Cowden's disease (CD) is an autosomal dominant disorder which confers a high susceptibility to diverse benign and malignant tumors. The PTEN (phosphatase and tensin homologue deleted in chromosome ten) gene has been identified as a tumor suppressor gene responsible for cancers of the endometrium, ovary, prostate, and glioblastomas. Recently, germline mutations of this gene were also found in patients with CD, and it is now recognized as a gene responsible for this disease. We identified a germline nonsense mutation at codon 130 in exon 5 of PTEN in a 56-year-old Japanese woman with CD. The patient had adenoid facies and mucocutaneous lesions including multiple facial papules, acral keratoses on neck and shoulders, palmoplantar keratoses, multiple oral papillomas, scrotal tongue, mucosal and cutaneous hemangiomas, and a sclerotic fibroma on the arm. She also had benign and malignant polypoid neoplasms throughout the entire digestive tract, including adenocarcinoma of the colon and submucosal lipomas of the rectum, as well as bilateral breast carcinomas, multinodular goiters, an ovarian cyst with a fibroma-like nodule, hepatic hemangiomas, and abdominal hernia. We searched CD cases with the same genotypic PTEN mutation as the present case and compared their phenotypes. Further studies will disclose a better understanding of the role of mutation in the PTEN gene in the course of tumorigenesis of both benign and malignant tumors developed in patients with CD.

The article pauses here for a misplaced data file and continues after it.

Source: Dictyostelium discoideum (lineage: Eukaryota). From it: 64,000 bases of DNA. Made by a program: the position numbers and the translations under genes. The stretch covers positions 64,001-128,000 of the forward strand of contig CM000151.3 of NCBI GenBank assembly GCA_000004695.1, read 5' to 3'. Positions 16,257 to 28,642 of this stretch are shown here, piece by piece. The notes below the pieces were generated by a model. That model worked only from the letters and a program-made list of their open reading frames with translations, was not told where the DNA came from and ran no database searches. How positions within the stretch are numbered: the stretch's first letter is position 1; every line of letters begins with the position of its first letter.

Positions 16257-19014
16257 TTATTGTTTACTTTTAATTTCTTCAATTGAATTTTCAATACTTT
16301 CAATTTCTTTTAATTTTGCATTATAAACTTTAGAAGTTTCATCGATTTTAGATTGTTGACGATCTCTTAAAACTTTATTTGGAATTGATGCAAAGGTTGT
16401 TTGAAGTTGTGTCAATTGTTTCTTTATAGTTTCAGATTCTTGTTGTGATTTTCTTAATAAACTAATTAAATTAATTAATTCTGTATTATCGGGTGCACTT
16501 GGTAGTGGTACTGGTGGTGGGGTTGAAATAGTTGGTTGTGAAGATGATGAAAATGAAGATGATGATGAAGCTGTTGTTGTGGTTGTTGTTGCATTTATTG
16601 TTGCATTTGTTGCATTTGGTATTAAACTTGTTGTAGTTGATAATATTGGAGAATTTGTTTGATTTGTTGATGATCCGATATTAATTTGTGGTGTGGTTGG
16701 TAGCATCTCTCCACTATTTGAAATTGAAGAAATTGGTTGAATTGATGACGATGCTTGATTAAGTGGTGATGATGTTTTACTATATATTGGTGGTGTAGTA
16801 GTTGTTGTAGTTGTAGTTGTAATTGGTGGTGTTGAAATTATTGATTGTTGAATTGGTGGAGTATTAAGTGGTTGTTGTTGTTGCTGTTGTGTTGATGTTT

ASJC Scopus subject areas
- Cancer Research